In November, 2013 in Pinellas County, Florida, residents were shocked when investigators busted a meth lab in their upscale condominium. While meth has long been considered a blue collar drug cooked up in the rural Midwest, it is spreading. To say the use of methamphetamine has reached epidemic levels in the United States may be an understatement. It’s estimated that nearly 10 million people in the United States have at least tried meth. Meth can be smoked, snorted, swallowed, or injected. The following information describes the dangerous aspects of meth labs, including negative consequences to the property, as well as the people involved.
Dangers to Humans
The chemicals used in meth include pseudoephedrine, acetone, and phosphine. The short-term effects of using meth often include increased heart rate, high blood pressure, difficulty sleeping, and nausea. Chronic use of meth can also destroy blood vessels, which not only leads to stroke and heart attacks, but limits the body’s ability to repair tissues. This often accelerates the aging process and can be seen in devastating before and after pictures of individuals addicted to meth. Emotional and mental symptoms may include panic, paranoia, and sometimes violent behavior. Long-term effects may involve damage to nearly every major organ in the body. Those who recover still may suffer from memory problems and mood swings.
Health dangers to humans who have unknowingly lived in a meth house have included respiratory issues, migraines, and skin problems. While the long-term effects are not completely known, there may be a link between exposure to meth and certain types of cancer. The dangers to children are even more pronounced since their bodies are smaller and still developing. According to the University of Michigan, approximately 5 percent of high school seniors in the U.S. have tried meth at least one time.
Dangers to Property
Cooking meth inside any type of building completely contaminates the structure from top to bottom. The furniture, the carpet, and the curtains all become toxic. Even the air itself becomes dangerous to breathe. Besides long-term damage to property and homes, there is the potential for immediate and even more serious problems. Explosions and fires can occur when meth is being cooked. There are several signs that indicate a meth lab may be in use. Strong odors such as ammonia in the area is a sign of a meth lab. Buildings with the windows blacked out may also indicate that a meth lab is inside. Other indications include an excessive amount of glass cookware or glass containers with powdery residue, and coffee filters with a white pasty substance inside. According to the DEA website, which keeps records of all meth incidents in the United States, more labs, dumpsites, and meth equipment have been located in the Midwest than any other region of the country.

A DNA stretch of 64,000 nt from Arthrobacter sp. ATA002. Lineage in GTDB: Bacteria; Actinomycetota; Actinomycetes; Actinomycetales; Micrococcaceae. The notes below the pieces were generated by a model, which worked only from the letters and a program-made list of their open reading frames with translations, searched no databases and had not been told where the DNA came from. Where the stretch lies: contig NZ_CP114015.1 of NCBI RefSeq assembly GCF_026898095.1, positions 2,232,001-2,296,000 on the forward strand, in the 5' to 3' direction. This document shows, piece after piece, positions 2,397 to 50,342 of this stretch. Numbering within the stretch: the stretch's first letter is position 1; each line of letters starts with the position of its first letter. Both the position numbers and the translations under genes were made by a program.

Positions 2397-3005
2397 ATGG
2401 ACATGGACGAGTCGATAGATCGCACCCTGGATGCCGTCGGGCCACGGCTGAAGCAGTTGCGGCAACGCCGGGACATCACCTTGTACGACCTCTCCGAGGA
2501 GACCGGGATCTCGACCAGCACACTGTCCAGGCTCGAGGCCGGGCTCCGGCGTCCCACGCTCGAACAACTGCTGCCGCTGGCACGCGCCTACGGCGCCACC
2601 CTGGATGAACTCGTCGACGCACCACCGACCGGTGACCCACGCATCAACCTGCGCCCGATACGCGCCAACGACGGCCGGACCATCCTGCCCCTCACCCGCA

Cleaning up a Former Meth Lab
Even though over 80 percent of meth in the United States comes from what are called “super labs” in California and Mexico, home cooked meth is still a problem throughout the US. When police or other professionals enter a meth lab, they must arm themselves with clothing and gear that looks like it came out of a science fiction movie. They wear goggles, respirators, special suits, gloves, and shoe coverings. The drug itself is usually the least toxic to a home environment. The chemicals that are used to make the drug pose the most risk. There are no national standards for cleaning meth labs and regulations vary from state to state. The steps to cleaning a meth house generally include airing out the building, sanitizing all surfaces, cleaning out vents and plumbing, and then repainting and carpeting the home. This is costly and time consuming, and still may not rid the home of all the toxins.
Most of the cooks in meth labs are addicted themselves. Since they are likely under the influence of the drug while preparing it, they not only face the usual health consequences but have an increased risk of getting burned. Anyone who has become addicted to meth should seek out treatment as soon as possible. Inpatient treatment provides many physical, as well as emotional, benefits. Withdrawal can be a brutal process. Being monitored by a trained medical staff is beneficial in case any life threatening side effects occur. Exploring and dealing with the root causes of addiction is just as important as physical recovery. Inpatient treatment services will provide therapy and counseling to help individuals deal with the emotional aspects of addiction.